Valentine’s Day in Palestine has a different taste. True, the tradition of gifting boxes of chocolates and bouquets of flowers has been quite popular in Palestine for some time now, but love for Palestinians is also a tool, through which Palestinians continue to build a stronger society and collectively fight the hateful, brutal military occupation.
For generations, love poetry in Palestine has enjoyed multiple representations. For Palestinian poets, ‘Falsteen’ – Palestine – is a feminine word, representing the homeland, the mother, the lover, and so much in between.
Below are three poems by three beloved Palestinian poets, Fadwa Tuqan, Mahmoud Darwish, and Rashid Hussein, who wrote about love, hope, and the Palestinian homeland.
Existence – by Fadwa Tuqan
In solitary life, I was a lost question;
In the encompassing darkness,
my answer was concealed.
You were a bright new star
radiating light from the darkness of the unknown,
revealed by fate.
The other stars rotated around you
—once, twice —
until it came to me,
your unique radiance.
Then the bleak blackness broke
And in the matching tremors
of our two hands
I found my missing answer.
Oh you! Oh you intimate, yet distant!
Don’t you remember the coalescence
Of your spirit in flames?
Of my universe with yours?
Of the two poets?
Despite our great distance,
Existence unites us – Existence!
– Born in 1917 in Nablus, West Bank, Fadwa Tuqan was one of the most influential poets of her time. She dedicated her work to fight the Israeli brutal occupation of Palestine and the hardship sustained by her people.
Now, as You Awaken – by Mahmoud Darwish
Now, as you awaken, remember the swan’s
last dance. Did you dance with young angels
while you were dreaming? Did the butterfly
light you up when it burned with the eternal
light of the rose? Did the phoenix appear clearly
before you and call you by your name?
Did you see the morning dawn from the fingers
of the one you love? Did you touch
the dream with your hand or did you
leave it to dream alone, aware suddenly
of your own absence? Dreamers don’t abandon
their dreams, they flare and continue
the life they have in the dream…tell me
how you lived your dream in a certain place
and I’ll tell you who you are. And now,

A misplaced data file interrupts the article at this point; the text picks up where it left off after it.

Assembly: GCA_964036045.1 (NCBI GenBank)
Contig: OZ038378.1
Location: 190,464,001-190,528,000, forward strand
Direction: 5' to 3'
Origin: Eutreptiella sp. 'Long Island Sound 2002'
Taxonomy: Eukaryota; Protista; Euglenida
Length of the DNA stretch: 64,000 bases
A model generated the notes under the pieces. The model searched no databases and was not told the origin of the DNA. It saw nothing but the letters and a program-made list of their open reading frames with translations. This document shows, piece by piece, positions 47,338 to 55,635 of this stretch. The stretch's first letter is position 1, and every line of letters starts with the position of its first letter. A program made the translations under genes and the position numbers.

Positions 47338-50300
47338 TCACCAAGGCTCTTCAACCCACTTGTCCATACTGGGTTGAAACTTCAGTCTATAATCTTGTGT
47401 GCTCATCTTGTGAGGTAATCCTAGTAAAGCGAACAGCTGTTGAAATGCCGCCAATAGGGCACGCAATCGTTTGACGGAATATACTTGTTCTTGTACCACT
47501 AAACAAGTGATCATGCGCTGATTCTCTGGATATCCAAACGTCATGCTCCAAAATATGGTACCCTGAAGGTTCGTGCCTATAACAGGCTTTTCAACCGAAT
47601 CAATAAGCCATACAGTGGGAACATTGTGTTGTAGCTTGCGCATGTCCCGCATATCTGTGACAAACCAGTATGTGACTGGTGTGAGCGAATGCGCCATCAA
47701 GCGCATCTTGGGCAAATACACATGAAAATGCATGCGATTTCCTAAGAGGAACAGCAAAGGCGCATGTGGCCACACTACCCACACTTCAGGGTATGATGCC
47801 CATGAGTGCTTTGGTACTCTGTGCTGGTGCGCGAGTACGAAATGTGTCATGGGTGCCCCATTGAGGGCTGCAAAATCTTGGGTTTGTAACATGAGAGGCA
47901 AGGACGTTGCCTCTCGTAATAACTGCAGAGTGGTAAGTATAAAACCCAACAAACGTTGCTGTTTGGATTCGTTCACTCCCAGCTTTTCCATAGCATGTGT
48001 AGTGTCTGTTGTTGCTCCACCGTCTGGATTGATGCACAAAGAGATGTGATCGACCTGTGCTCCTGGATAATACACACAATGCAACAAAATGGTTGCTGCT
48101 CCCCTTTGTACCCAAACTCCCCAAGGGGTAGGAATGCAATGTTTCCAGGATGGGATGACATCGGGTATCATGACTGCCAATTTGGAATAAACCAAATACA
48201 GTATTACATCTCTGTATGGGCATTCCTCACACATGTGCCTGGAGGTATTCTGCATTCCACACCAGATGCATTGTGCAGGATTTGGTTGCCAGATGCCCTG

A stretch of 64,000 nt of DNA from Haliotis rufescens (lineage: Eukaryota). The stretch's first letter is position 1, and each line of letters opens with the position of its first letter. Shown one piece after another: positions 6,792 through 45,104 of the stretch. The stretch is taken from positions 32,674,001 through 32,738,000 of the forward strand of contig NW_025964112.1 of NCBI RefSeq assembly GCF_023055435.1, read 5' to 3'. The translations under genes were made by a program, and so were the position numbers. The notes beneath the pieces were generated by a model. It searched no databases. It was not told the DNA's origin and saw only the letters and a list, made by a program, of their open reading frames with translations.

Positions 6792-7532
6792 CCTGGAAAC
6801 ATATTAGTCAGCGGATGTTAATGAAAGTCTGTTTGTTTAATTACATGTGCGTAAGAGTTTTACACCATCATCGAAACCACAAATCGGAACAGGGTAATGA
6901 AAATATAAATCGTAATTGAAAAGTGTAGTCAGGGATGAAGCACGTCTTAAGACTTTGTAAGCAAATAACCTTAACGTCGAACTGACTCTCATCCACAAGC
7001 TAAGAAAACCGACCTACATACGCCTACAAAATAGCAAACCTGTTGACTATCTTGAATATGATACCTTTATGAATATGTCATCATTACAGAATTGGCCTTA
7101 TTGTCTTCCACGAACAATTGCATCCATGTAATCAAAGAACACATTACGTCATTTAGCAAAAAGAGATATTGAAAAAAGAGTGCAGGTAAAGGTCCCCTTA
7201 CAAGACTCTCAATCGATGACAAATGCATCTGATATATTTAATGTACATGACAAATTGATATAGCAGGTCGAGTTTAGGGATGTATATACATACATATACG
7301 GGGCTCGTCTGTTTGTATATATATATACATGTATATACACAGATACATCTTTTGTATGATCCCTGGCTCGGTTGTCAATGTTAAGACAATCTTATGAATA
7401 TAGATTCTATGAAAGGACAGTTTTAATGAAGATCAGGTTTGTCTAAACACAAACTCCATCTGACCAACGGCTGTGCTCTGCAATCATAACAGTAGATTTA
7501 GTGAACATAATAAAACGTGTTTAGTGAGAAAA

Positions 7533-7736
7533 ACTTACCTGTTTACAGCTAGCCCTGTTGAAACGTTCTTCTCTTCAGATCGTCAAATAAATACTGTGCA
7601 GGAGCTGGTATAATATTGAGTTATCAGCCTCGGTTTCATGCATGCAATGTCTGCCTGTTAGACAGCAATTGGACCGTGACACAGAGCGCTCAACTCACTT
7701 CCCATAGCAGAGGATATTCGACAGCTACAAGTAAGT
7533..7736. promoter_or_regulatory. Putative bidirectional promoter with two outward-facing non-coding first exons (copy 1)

as you awaken, remember if you have wronged
your dream. And if you have, then remember
the last dance of the swan.
– Born in 1941 in Al-Birwa, in the Galilee region – a village that was occupied and later razed by the Israeli army – Darwish is considered a ‘poet of resistance’. Because they had missed the official Israeli census, Darwish and his family were considered “internal refugees” or “present-absent aliens.” Darwish lived for many years in exile in Beirut and Paris.
With the Land – by Rashid Hussein
The land comes near me
drinks from me
leaves its orchards with me
to become a beautiful weapon
Even when I sleep
the land comes near me
in my dream.
I smuggle its wild thyme
I sing its stones
I will even sweat blood
from my veins
to drink its news
so the land comes near me
leaves a stone of love with me
to defend it
and defend me
When I repay it
I will embrace it a thousand times
I will worship it a thousand times
I will celebrate its wedding on my forehead
on the rubble of exiles
and the ruins of prisons
I will drink from it
It will drink from me
So that the Galilee would remain
beauty, struggle, and love
I see the land;
a morning that will come
and the land will come near me
– Born in 1936 in Musmus, an Arab village in Haifa district, Rashid Hussein is considered a major Palestinian poet and orator. In this poem, he expresses the most authentic feeling in the heart of every Palestinian: the love for their homeland, Palestine.
(The Palestine Chronicle)